Wedding Corsages:  It is common to give a corsage to the mothers and grandmothers of the bride and groom. Smaller corsages may also be given to godmothers or other females who are important to the participants. A corsage is traditionally worn on the left, since it is closest to the heart.
Dance Corsages:  In the 20th century, it became common for escorts to present their dates with corsages, particularly for formal  dances and proms. As women's dresses have changed to styles with spaghetti straps or no straps, it has become more common for women to wear the flowers on the wrist.
Mothers Day Corsages:  Anna Jarvis spearheaded the development of an annual Mother's Day celebration in 1907. Since her mother's favorite flower was the carnation, it has become traditional to wear a carnation corsage on that day. According to FlowershopNetwork.com, florists promoted and made popular the custom of wearing a red carnation if one's mother was living, and a white carnation if one's mother had passed away.
Happy Birthday Corsages:  HappyBirthday.com recalls the "candy corsage," a popular tradition of the 1950s and '60s. A young girl might receive a "candy corsage" from her friends on her birthday. Decorated with candy such as lollipops, gum drops, tootsie rolls, bubble gum or lemon drops, such corsages were inexpensive to make and were held together with curly ribbon.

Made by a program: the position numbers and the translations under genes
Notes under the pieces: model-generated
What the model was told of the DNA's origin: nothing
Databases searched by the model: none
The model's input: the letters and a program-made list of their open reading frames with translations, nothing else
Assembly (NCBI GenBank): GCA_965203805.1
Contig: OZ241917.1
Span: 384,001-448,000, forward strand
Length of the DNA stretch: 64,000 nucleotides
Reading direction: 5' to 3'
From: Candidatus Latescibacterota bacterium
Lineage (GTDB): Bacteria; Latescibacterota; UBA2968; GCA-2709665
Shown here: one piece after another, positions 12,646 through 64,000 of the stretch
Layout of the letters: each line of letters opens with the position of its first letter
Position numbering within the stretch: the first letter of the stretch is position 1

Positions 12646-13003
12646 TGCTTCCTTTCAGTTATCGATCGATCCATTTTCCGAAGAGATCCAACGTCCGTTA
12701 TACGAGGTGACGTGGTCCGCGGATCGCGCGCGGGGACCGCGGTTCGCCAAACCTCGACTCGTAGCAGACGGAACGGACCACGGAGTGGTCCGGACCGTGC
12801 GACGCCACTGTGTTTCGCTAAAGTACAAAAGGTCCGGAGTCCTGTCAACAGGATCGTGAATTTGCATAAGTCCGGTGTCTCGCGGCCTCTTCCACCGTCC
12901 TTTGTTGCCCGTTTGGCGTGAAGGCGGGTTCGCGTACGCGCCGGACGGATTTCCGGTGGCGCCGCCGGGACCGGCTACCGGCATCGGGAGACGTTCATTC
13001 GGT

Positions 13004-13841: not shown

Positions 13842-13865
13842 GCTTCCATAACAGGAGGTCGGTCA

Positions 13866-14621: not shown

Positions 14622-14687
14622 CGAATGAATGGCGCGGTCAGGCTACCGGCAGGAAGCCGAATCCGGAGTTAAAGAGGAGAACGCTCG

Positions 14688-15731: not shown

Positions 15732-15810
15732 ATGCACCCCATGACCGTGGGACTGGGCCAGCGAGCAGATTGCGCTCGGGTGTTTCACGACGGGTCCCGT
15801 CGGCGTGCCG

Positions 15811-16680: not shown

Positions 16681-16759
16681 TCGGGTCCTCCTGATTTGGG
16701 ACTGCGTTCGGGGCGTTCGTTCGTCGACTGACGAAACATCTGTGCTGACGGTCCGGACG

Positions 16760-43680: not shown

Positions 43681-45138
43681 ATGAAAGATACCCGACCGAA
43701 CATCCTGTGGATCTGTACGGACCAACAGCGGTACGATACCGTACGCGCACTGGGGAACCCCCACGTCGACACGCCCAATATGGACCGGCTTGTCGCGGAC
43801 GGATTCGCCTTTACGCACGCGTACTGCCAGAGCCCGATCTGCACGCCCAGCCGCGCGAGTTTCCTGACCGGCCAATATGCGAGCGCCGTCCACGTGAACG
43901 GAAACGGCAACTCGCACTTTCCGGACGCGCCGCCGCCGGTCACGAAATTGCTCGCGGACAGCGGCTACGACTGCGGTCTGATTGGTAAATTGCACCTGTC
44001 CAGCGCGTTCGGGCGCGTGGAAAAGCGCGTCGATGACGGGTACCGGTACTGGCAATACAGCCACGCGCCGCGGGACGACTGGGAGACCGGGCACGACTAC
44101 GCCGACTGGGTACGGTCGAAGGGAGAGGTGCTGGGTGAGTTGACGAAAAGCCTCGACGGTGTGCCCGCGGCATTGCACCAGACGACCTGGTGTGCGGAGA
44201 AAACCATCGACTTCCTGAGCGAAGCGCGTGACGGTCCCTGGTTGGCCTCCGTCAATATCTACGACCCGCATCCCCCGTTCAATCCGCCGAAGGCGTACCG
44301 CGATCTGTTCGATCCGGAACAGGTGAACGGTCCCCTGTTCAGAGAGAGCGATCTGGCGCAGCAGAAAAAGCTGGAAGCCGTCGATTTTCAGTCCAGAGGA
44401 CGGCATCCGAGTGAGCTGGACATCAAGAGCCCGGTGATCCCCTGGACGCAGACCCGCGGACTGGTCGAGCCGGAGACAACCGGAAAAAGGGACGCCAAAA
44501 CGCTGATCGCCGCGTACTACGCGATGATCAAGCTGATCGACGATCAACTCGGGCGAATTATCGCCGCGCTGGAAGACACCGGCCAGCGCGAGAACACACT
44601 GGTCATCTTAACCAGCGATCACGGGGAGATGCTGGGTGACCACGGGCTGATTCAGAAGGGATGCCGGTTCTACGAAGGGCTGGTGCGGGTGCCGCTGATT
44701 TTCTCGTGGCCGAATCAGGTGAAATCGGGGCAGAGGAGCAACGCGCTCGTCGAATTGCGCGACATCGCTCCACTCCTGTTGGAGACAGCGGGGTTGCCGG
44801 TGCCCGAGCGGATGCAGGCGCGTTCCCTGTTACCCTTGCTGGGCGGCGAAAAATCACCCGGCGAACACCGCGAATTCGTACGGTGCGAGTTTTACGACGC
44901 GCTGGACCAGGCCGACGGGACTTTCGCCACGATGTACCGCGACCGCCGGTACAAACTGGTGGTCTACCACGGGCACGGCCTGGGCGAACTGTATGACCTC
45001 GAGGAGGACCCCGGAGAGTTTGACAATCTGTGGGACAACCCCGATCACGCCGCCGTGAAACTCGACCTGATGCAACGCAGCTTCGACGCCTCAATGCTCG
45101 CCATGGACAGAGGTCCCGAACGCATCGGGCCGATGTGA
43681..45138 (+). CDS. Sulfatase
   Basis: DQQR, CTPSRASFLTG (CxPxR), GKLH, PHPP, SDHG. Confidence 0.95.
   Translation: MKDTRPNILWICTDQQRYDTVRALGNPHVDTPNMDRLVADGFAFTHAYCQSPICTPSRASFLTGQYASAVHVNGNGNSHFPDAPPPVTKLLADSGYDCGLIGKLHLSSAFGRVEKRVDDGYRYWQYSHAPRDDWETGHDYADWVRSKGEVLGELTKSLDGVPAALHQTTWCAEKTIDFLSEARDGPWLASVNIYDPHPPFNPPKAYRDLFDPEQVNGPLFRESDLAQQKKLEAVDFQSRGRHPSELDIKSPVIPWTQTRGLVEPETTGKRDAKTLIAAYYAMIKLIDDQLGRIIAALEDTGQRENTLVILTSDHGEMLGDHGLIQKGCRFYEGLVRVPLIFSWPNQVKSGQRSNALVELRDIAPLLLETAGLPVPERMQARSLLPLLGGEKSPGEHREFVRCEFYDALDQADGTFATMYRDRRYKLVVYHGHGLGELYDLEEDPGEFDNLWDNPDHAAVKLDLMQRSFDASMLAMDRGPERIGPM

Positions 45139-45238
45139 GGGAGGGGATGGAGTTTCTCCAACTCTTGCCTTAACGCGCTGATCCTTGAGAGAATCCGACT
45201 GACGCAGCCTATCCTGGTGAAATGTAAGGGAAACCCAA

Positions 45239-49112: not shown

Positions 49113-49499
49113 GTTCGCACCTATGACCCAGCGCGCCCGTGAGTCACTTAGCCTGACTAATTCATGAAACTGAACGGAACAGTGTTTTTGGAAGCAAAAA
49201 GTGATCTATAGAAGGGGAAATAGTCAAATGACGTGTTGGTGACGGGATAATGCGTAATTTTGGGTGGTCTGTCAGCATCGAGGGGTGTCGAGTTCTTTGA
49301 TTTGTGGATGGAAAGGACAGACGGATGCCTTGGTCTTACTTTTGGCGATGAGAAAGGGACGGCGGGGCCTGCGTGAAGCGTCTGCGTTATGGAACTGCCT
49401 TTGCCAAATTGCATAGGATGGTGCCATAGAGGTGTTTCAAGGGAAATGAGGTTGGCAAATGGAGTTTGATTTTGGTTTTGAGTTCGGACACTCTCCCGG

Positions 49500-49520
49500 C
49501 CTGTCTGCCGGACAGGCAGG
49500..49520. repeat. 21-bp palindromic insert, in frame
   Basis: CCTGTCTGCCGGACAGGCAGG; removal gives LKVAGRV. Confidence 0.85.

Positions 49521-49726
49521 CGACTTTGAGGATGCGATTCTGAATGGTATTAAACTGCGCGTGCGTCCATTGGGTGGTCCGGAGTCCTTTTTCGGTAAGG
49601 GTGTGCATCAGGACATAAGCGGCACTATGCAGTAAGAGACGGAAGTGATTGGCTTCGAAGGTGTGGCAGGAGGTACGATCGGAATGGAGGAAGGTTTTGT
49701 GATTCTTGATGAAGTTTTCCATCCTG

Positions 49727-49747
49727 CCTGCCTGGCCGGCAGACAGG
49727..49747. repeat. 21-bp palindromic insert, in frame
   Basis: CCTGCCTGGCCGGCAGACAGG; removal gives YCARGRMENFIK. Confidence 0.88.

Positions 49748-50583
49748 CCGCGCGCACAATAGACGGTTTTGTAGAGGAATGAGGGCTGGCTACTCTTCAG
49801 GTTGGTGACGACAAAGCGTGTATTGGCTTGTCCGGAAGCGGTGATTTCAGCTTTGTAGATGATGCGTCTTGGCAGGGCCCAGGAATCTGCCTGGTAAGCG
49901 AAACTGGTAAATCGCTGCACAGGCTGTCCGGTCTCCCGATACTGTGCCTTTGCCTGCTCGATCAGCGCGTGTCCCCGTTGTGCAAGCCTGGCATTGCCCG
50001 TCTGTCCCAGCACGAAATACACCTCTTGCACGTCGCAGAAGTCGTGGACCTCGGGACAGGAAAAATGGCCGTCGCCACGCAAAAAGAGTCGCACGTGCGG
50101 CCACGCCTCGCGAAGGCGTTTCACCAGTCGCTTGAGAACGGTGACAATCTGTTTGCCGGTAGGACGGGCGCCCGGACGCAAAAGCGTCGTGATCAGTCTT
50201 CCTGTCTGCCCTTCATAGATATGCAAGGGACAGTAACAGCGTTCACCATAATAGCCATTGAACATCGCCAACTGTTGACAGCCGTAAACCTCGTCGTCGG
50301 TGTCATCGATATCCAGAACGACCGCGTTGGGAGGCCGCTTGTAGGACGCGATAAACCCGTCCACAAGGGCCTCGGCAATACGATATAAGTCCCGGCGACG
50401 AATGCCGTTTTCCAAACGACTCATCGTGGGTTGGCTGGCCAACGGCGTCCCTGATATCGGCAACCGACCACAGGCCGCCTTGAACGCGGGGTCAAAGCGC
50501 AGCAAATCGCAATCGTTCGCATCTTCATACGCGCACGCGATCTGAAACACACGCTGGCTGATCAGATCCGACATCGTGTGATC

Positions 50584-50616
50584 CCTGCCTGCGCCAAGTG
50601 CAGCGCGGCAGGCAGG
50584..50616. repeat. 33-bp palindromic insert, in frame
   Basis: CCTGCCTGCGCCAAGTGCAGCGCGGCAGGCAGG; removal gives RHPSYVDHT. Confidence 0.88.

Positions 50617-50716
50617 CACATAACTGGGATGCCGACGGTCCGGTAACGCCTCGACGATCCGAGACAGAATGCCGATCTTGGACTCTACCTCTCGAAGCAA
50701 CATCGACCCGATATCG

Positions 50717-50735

Happy Pink Saturday!!!

And As Always....Thank-you Beverly for making Saturdays Pink!!!


PS...The summer after my Senior Year, my Sisters moved into my Bedroom.
 Mama thought it best to get new curtains.

17 comments:

Pom Pom said...

I like the kind you wear on your wrist! I think I need one for the first day of school, don't you?

Grace said...

WHat a fun post! I love all the corsages and stories and tips! Happy Pink Saturday. Grace xoox

Jenn said...